The best way to get started using argus, is to get the argus and client software from here, compile it on one of your Mac OS X, Linux, Unix or Cygwin enabled Windows systems, and play around with analyzing a few packet streams, to see how it basically works. Usually, just those first steps get you thinking as to how you can use argus to solve one of your problems. If you feel like just starting on one of the basic projects that sites are doing, this page should point you in the right direction.
Argus is supplied as source code, so to really get started you need to compile and install the software onto a ported system. Argus has been ported to all flavors of Linux, and most Unixes that are available, including Solaris. How to compile and install is described in the distribution file INSTALL that is in each package.
Argus processes packet data and generates summary network flow data. If you have packets, and want to know something about whats going on, argus() is a great way of looking at aspects of the data that you can't readily get from packet analyzers. How many hosts are talking, who is talking to whom, how often, is one address sending all the traffic, are they doing the bad thing? Argus is designed to generate network flow status information that can answer these and a lot more questions that you might have.
If your running argus for the first few times, get a packet file from one of the IP packet repositories, such as pcapr and process them with argus(). Once you have both the server and client programs and a packet file, run:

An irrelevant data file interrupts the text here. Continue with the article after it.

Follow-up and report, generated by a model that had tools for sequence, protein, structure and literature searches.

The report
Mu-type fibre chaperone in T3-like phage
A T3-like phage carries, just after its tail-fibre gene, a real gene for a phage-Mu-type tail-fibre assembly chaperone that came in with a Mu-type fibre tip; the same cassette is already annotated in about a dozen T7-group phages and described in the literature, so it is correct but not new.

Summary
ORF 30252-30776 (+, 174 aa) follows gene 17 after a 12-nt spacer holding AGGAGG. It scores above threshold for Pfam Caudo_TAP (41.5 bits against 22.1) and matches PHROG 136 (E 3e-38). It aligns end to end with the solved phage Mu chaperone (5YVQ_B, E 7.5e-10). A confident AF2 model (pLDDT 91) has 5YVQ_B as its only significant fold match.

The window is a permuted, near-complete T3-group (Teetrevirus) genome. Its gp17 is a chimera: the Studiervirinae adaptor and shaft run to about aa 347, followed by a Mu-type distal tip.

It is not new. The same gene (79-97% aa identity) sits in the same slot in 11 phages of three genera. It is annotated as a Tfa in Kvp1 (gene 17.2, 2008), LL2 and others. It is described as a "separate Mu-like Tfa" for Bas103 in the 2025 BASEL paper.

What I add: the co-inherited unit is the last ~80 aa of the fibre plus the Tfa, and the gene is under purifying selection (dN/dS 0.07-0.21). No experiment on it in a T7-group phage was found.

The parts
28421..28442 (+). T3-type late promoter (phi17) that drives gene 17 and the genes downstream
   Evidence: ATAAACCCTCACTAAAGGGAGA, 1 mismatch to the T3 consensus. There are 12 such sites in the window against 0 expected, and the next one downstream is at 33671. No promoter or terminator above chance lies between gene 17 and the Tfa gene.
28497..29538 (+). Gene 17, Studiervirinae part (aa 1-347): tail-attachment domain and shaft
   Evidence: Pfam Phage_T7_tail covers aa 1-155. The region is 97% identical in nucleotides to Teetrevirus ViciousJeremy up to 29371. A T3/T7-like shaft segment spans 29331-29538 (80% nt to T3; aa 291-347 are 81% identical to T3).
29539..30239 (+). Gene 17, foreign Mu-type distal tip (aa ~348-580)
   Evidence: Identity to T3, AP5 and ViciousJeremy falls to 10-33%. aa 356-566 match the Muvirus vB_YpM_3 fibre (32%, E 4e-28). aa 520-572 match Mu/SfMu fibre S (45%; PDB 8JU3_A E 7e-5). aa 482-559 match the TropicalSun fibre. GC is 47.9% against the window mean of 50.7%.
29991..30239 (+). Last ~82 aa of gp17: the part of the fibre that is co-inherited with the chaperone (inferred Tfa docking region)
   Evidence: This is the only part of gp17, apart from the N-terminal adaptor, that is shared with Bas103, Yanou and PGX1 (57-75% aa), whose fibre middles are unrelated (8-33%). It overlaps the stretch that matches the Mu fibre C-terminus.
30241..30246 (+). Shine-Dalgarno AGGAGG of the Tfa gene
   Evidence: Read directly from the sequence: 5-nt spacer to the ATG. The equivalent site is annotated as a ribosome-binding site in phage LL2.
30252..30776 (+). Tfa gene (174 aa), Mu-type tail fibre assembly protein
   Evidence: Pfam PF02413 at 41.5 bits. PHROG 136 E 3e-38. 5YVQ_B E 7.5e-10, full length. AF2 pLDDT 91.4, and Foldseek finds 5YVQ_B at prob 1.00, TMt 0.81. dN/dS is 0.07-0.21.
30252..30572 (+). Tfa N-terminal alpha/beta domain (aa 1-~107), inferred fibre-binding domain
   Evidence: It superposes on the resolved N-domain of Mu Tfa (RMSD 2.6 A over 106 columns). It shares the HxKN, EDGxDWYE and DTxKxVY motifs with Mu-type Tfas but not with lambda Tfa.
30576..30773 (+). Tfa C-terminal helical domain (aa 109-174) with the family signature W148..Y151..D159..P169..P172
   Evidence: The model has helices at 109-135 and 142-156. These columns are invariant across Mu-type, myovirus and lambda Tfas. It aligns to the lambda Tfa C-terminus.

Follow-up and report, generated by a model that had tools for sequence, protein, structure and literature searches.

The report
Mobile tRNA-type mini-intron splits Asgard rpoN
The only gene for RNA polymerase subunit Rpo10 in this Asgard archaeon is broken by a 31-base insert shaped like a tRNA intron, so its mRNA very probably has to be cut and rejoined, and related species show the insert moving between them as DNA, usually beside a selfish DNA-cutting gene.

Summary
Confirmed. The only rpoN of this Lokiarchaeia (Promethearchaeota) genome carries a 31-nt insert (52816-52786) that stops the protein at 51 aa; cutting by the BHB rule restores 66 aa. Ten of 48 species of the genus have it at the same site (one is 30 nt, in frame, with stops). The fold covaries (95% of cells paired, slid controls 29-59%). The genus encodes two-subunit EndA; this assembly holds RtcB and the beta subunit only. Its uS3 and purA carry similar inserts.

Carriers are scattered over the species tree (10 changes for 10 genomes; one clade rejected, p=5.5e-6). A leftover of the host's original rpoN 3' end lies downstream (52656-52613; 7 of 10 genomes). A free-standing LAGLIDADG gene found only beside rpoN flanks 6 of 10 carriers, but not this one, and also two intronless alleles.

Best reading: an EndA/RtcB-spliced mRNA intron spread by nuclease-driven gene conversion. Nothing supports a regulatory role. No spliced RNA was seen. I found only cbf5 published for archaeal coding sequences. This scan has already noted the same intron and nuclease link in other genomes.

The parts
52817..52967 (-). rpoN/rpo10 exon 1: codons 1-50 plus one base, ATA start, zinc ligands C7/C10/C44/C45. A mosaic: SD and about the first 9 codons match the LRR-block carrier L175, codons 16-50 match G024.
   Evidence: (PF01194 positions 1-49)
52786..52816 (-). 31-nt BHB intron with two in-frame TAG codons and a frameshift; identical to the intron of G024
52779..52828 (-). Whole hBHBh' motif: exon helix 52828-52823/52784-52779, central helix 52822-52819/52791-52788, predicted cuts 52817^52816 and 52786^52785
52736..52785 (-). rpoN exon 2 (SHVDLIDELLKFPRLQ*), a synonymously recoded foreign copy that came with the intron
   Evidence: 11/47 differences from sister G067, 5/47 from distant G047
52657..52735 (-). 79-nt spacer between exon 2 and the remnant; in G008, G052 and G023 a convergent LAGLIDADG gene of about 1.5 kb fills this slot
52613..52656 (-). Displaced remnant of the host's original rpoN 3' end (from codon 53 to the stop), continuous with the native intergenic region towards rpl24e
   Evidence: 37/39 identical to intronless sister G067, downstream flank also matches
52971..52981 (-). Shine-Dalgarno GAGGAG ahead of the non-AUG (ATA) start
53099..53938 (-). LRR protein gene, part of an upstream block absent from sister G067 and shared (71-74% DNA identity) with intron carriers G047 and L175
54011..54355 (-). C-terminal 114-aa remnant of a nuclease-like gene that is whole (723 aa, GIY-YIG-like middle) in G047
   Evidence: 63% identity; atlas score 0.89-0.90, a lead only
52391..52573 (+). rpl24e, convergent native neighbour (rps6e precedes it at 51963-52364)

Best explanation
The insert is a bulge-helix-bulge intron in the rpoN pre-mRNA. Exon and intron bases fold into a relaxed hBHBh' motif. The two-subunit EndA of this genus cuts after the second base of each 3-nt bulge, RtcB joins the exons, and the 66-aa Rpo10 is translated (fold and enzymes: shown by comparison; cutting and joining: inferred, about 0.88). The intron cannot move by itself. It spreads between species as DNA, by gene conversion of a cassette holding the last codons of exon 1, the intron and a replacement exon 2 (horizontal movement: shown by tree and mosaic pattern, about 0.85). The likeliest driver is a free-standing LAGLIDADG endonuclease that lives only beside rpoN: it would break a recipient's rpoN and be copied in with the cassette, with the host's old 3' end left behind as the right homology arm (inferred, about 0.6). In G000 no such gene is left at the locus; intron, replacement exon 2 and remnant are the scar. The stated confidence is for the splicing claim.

argus -r packet.pcap -w packet.argus
ra -r packet.argus
Compare the output of argus() with tcpdump() or wireshark. You should see something completely different. Instead of individual packets, you'll see flow status records. To see an example of the two side by side, here is an example.
Many sites use argus to generate audits from their live networks. argus can run in an end-system, auditing all the network traffic that the host generates and receives, and it can run as a stand-alone probe, running in promiscuous mode, auditing a packet stream that is being captured and transmitted to one of the systems network interfaces. This is how most universities and enterprises use argus, monitoring a port mirrored stream of packets to audit all the traffic between the enterprise and the Internet. The data is collected to another machine using radium() and then the data is stored in what we describe as an argus archive, or a MySQL database. From there, the data is available for forensic analysis, or anything else you many want to do with the data, such as performance analysis, or operational network management.
Once you have both the server and client programs installed, this usually works:
argus -P 561 -d
argus will open the first interface it finds (just like tcpdump), process packets and make its data available via port 561, running as a background daemon.
You can access the data using ratop(), the tool of choice for browsing argus data, like so:
ratop -S localhost:561
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